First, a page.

Economic evaluations and Randomized trials in spinal disorders: Principles and methods: principles and methods

I.B.C. Korthals-de Bos, M. van Tulder, H.E.M. van Dieten, L.M. Bouter

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STUDY DESIGN: Descriptive methodologic recommendations.

OBJECTIVE: To help researchers designing, conducting, and reporting economic evaluations in the field of back and neck pain.

SUMMARY OF BACKGROUND DATA: Economic evaluations of both existing and new therapeutic interventions are becoming increasingly important. There is a need to improve the methods of economic evaluations in the field of spinal disorders.

MATERIALS AND METHODS: To improve the methods of economic evaluations in the field of spinal disorders, this article describes the various steps in an economic evaluation, using as example a study on the cost-effectiveness of manual therapy, physiotherapy, and usual care provided by the general practitioner for patients with neck pain.

RESULTS: An economic evaluation is a study in which two or more interventions are systematically compared with regard to both costs and effects. There are four types of economic evaluations, based on analysis of: (1) cost-effectiveness, (2) cost-utility, (3) cost-minimization, and (4) cost-benefit. The cost-utility analysis is a special case of cost-effectiveness analysis. The first step in all these economic evaluations is to identify the perspective of the study. The choice of the perspective will have consequences for the identification of costs and effects. Secondly, the alternatives that will be compared should be identified. Thirdly, the relevant costs and effects should be identified. Economic evaluations are usually performed from a societal perspective and include consequently direct health care costs, direct nonhealth care costs, and indirect costs. Fourthly, effect data are collected by means of questionnaires or interviews, and relevant cost data with regard to effect measures and health care utilization, work absenteeism, travel expenses, use of over-the-counter medication, and help from family and friends, are collected by means of cost diaries, questionnaires, or (telephone) interviews. Fifthly, real costs are calculated, or the costs are estimated on the basis of real costs, guideline prices, or tariffs. Finally, in the statistical analysis the mean direct, indirect, and total costs of the alternatives are compared, using bootstrapping techniques. Incremental cost-effectiveness ratios are graphically presented on a cost-effectiveness plane and acceptability curves are calculated.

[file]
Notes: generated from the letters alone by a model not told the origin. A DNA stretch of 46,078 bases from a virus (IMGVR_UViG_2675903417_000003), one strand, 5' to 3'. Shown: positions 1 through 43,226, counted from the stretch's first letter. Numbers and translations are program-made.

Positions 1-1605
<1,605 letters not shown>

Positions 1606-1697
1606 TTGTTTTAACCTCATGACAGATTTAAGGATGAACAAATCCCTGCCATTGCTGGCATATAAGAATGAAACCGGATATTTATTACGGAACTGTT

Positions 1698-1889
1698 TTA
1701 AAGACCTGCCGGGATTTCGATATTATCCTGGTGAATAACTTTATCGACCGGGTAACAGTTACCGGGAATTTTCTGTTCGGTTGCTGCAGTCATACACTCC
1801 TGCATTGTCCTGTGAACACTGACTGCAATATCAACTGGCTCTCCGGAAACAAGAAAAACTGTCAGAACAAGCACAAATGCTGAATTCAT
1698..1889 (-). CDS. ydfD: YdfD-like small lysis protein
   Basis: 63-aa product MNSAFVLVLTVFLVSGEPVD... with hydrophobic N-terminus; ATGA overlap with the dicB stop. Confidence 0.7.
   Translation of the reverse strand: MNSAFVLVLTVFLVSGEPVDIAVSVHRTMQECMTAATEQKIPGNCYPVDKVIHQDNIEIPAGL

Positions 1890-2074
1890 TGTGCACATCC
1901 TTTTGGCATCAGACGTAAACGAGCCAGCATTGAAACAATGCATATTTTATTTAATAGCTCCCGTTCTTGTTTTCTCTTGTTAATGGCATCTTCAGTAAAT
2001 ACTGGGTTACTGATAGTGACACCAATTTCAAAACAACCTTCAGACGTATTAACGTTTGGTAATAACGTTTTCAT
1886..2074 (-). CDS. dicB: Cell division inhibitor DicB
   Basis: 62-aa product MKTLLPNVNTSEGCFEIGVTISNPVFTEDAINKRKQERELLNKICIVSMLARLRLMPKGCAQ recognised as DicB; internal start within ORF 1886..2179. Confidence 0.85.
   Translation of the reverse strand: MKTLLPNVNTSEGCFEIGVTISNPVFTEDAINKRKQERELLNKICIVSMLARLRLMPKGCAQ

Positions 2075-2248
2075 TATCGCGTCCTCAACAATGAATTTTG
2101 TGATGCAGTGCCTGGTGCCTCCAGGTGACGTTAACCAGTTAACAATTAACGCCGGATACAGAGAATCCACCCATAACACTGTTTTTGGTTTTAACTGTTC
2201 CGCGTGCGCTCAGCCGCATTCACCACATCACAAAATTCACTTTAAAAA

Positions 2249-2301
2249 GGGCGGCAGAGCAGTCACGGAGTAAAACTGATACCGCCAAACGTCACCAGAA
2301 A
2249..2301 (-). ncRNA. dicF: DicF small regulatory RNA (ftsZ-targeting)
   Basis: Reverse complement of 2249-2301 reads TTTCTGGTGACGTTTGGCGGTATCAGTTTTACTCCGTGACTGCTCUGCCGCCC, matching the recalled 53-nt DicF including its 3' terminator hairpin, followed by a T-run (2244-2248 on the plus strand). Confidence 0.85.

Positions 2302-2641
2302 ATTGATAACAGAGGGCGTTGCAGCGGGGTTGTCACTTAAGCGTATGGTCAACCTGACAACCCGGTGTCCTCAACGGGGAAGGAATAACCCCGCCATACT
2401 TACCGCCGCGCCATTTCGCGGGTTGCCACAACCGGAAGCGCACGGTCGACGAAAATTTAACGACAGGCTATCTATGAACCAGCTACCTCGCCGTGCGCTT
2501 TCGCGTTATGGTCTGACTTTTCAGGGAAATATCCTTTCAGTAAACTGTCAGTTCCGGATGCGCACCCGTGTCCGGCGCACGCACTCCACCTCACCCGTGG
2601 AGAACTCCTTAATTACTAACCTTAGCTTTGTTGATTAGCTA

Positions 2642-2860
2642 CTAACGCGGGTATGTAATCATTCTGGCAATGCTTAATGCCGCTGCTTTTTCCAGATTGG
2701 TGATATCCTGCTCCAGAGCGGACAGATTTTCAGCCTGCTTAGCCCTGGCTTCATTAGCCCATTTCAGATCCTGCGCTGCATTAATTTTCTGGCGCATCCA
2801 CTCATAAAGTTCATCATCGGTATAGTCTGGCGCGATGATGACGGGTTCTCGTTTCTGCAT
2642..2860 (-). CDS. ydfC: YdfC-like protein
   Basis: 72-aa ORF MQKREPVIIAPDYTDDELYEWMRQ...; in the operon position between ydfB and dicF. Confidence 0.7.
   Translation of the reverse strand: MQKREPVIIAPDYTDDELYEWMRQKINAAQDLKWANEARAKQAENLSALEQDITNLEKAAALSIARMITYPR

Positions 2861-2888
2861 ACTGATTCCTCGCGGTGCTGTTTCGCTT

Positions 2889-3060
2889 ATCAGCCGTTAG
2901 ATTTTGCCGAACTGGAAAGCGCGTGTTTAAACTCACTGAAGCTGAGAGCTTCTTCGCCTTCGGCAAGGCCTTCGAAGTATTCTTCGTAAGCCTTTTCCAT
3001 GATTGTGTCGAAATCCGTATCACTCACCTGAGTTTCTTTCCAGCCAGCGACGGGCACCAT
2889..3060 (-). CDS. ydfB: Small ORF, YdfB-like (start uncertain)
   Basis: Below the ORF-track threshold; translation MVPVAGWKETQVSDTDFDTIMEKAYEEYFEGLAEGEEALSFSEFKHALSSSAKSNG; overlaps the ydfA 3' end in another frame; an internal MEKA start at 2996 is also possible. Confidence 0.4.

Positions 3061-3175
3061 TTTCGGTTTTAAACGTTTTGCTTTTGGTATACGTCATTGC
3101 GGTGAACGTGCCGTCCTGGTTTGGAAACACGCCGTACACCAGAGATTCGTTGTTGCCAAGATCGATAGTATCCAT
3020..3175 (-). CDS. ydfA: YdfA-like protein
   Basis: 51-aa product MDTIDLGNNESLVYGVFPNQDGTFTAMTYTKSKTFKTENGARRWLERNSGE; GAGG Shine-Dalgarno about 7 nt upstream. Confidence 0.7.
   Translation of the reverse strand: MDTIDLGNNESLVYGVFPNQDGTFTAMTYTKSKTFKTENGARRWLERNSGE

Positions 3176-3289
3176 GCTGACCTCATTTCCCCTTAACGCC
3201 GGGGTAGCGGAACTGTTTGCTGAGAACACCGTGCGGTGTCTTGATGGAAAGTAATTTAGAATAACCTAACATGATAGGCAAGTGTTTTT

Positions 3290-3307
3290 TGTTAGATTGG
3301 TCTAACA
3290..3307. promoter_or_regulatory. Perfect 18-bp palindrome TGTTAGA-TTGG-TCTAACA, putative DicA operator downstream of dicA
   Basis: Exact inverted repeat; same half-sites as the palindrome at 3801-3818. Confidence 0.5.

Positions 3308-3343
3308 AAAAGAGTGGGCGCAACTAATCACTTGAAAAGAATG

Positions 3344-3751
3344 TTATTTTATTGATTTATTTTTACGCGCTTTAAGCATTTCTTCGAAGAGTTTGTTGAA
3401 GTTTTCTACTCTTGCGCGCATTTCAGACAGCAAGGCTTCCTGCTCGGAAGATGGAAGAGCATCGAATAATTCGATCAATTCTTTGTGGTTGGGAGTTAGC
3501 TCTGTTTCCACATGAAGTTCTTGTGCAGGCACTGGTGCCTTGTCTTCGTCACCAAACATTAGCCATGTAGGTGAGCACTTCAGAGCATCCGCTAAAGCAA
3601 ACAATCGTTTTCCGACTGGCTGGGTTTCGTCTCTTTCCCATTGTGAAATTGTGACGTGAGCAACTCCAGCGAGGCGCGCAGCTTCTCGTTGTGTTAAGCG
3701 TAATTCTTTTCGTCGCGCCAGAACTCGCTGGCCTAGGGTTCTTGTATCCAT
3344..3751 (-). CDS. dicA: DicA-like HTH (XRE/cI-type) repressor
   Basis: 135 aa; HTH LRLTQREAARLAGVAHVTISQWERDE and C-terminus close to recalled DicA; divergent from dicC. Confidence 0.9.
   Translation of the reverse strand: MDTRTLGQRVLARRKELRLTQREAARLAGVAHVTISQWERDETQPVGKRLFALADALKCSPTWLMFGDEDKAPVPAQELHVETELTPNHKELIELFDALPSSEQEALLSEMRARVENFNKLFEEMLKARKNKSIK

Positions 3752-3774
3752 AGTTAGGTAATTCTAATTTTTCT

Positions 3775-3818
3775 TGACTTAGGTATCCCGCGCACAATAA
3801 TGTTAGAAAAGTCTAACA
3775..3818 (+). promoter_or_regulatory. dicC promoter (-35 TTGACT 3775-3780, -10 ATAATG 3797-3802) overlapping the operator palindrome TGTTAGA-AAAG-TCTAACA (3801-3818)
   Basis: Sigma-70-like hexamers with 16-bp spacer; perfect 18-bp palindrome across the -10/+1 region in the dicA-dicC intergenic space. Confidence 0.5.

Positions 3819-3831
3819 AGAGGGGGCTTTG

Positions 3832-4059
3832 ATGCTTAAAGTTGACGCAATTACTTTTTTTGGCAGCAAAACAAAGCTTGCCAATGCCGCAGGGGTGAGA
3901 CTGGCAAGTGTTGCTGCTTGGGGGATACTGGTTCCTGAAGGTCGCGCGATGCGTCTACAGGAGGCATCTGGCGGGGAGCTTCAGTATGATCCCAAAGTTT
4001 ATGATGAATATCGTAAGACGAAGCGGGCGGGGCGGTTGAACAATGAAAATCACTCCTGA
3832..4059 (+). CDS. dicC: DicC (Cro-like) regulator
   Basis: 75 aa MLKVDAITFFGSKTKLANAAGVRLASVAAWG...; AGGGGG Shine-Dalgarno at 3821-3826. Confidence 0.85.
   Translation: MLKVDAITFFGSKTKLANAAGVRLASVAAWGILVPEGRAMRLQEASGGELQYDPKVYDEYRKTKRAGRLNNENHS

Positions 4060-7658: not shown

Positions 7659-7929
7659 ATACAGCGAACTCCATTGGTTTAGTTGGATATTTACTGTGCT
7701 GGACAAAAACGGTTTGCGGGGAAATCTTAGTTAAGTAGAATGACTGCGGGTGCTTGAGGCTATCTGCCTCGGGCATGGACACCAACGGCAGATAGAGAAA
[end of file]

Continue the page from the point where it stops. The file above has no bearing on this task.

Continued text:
CONCLUSION: Economic evaluations require specific methods. These recommendations may be helpful in improving the quality of economic evaluations of new and existing therapeutic interventions in the field of spinal disorders.

Original languageEnglish
Pages (from-to)442-448
Number of pages7
Issue number4
Publication statusPublished - 15 Feb 2004


  • Back Pain
  • Cost-Benefit Analysis
  • Health Care Costs
  • Health Services Research
  • Humans
  • Models, Statistical
  • Neck Pain
  • Netherlands
  • Randomized Controlled Trials as Topic
  • Research Design
  • Sample Size
  • Sensitivity and Specificity
  • Spinal Diseases
  • Journal Article


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